After spending billions to renovate three aging terminals, Dallas/Fort Worth Airport is now turning its attention to runways, taxiways and other parts of the airfield that need an expensive facelift.
DFW Airport CEO Sean Donohue recently told a congressional committee that the airport, which opened in 1974, faces $5 billion to $10 billion in new capital infrastructure projects.
“We have four runways that are 40 years old. We have roadways and bridges that are 40 years old,” Donohue said in an interview with the Star-Telegram. “When you look at our airfield needs, that’s several billion right there.”
While the airfield is still safe by government standards, airport executives know that the concrete and pavement of its runways and taxiways are reaching the end of their expected lifespan. Earlier this year, the airport’s staff began testing airfield pavement to determine how many layers of runway will need to be rebuilt.
Fort Worth Mayor Betsy Price said the airport board hasn’t yet received a full presentation on which runways and infrastructure improvements need to be done first. But she said she supports committing the money to make needed improvements.
“You don’t want infrastructure that’s crumbling and not going to be up to the quality you expect from this airport,” said Price, noting that DFW was recently awarded the best large airport in North America for customer service in 2016.
The Airports Council International says U.S. airports have close to $100 billion in infrastructure projects scheduled for the next five years. The projects, at both large and small airports, include updating terminals, rehabilitating runways and improving roads and parking garages.
Significant and expensive projects are currently scheduled at airports in Houston, Chicago, Phoenix and Minneapolis. At Los Angeles International Airport, about $10 billion in infrastructure work will be needed in the next five years.
“The longer we delay, America’s airports will fall behind and our infrastructure needs become more expensive to fix,” said Kevin Burke, chief executive officer at AIC North America.
The industry group, along with DFW Airport, supports a bill introduced in Congress last week that would increase the maximum passenger facility charge that airports can add to airline tickets to fund capital projects. The fee has been capped at $4.50 per flight since 2000.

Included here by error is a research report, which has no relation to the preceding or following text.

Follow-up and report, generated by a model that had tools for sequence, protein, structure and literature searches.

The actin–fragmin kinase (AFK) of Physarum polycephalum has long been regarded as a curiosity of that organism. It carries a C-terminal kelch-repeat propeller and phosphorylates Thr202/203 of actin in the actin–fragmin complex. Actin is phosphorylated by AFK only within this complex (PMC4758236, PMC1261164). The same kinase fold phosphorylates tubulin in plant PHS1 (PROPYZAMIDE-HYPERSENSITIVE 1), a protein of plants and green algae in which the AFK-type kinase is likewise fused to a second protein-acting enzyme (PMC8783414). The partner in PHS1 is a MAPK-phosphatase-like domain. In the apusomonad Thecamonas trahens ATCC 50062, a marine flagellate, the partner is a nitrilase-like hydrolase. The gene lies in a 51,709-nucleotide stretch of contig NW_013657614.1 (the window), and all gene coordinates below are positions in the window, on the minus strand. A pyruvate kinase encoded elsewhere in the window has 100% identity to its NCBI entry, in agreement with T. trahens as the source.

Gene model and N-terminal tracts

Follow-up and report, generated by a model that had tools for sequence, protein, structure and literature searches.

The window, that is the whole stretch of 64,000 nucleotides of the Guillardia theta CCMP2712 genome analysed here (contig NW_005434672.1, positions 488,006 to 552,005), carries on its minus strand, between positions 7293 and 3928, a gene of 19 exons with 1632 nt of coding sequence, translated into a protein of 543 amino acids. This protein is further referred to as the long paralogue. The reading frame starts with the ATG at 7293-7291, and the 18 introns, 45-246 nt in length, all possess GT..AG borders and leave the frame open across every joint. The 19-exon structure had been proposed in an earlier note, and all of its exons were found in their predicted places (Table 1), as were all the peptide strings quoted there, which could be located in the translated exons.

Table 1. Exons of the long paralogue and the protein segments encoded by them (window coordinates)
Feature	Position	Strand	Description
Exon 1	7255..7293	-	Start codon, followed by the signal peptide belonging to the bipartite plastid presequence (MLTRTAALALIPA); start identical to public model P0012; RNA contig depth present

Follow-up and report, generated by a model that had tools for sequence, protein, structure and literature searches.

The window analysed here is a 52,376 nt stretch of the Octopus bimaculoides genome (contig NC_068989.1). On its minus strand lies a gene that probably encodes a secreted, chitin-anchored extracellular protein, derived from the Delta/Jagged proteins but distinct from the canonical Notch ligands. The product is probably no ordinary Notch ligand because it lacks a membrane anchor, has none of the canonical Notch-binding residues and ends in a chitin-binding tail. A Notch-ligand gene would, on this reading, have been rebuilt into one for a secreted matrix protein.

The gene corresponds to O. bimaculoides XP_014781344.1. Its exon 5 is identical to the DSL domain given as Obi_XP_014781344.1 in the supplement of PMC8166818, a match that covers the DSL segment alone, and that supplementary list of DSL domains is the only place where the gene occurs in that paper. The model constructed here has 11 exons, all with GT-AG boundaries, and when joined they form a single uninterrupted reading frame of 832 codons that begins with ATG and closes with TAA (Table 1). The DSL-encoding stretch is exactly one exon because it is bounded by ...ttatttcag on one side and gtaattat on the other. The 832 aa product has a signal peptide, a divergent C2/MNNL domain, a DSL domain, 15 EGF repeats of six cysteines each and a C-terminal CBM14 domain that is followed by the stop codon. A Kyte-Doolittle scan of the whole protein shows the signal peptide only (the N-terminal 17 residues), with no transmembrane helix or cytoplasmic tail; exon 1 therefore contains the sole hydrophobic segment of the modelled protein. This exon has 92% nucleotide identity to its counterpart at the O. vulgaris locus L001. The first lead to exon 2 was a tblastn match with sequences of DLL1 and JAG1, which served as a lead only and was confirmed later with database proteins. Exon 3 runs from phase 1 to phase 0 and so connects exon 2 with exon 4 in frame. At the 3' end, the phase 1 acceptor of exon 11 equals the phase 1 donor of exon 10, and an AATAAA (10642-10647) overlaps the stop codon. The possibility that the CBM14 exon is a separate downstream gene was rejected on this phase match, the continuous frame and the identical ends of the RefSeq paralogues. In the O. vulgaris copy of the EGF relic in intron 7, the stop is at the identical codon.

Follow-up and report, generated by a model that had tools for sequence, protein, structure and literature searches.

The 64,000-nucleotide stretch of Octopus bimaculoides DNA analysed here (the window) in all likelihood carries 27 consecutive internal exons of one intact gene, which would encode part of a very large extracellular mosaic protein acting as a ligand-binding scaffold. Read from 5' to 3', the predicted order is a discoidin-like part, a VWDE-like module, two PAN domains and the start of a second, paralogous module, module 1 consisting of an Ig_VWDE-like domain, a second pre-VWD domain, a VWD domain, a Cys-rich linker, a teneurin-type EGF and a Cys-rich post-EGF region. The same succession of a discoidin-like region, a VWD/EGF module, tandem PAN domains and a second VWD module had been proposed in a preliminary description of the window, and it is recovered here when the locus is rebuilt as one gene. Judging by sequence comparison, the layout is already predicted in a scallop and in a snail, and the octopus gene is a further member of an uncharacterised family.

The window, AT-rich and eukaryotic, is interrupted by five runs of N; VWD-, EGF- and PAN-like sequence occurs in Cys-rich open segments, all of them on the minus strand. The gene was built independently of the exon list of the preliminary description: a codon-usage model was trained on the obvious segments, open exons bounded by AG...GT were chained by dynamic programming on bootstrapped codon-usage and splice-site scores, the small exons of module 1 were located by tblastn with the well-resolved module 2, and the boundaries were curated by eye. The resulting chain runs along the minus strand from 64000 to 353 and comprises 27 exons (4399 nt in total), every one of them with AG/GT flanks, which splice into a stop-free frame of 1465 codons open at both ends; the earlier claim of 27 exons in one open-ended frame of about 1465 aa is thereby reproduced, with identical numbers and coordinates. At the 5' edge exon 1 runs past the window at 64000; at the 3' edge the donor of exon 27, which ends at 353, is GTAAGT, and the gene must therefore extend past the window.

“PFCs are not going to pay for everything,” Donohue said, noting that airport capital improvement bonds are typically paid off by airlines through landing fees and terminal rents. “There’s got to be several different aspects of funding.”
DFW Airport currently has about $6 billion in debt from bonds sold to construct Terminal D, a new rental car center and to renovate Terminals A, B and E. It will pay about $430 million this fiscal year in debt payments.
“We will have to continue to look at the debt level on [infrastructure projects] and there’s potential talk about an additional terminal here in partnership with American Airlines and we’ll have to look at how we structure the financing and debt on all of that,” Price said.
American and the airport have yet to decide on whether to build a sixth terminal, although both sides are discussing a master plan for the airport to assess needs for the next few decades. Renovation work on Terminal C has been put off until decisions are made.
A new terminal could cost several billion dollars, depending on its size and where it is located at DFW. Terminal D, which was completed in 2005, cost more than $1.7 billion to construct.
With over 170 lane miles of roads and 240,000 linear feet of runway and taxiway pavement, the airport needs to start planning now to rehabilitate its infrastructure before bridges or concrete start failing, said Khaled Naja, DFW’s executive vice president of infrastructure and development.
“When you start putting these metrics together, it’s a lot of concrete. It’s a lot of infrastructure. It’s a lot of drainage. It’s a lot of pavement. It’s a lot of everything,” Naja said. “It’s a plethora of infrastructure that is over 40 years old that requires, and we anticipate, needs attention.”
Rehabilitating a runway is also very costly, requiring communications/navigational lights and electrical systems that connect with control towers need to be installed as well. New York’s JFK Airport spent $376 million to reconstruct and expand a runway to 14,000 feet in 2010 and then another $292 million on an 11,000-foot runway in 2015. DFW Airport’s four main runways are about 13,400 feet long each.
And with more than 1,800 flights a day, DFW can only shut down one runway at a time to perform the renovations. The first runway that the airport is considering for rehabilitation is 17C, which is one of its arrival runways. DFW has seven runways, with four primarily used for arrivals and three for departures.
Arrival runways tend to have a shorter lifespan than others since the concrete in the middle section gets impacted by tens of thousands of pounds each time an aircraft lands, said Nate Smith, the airport’s vice president of design, code and construction. Smith said the airport hopes to start working on runway 17C next year.
“We’re looking to bring the runway to the best possible state, within the shortest duration, with the least cost, in the most expeditious manner,” Smith said.
DFW Airport infrastructure
▪ 170 lane miles of roadway
▪ 266 road bridges
▪ 80,000 linear feet of runway concrete pavement
▪ 160,000 linear feet of supporting taxiways pavement
Source: DFW Airport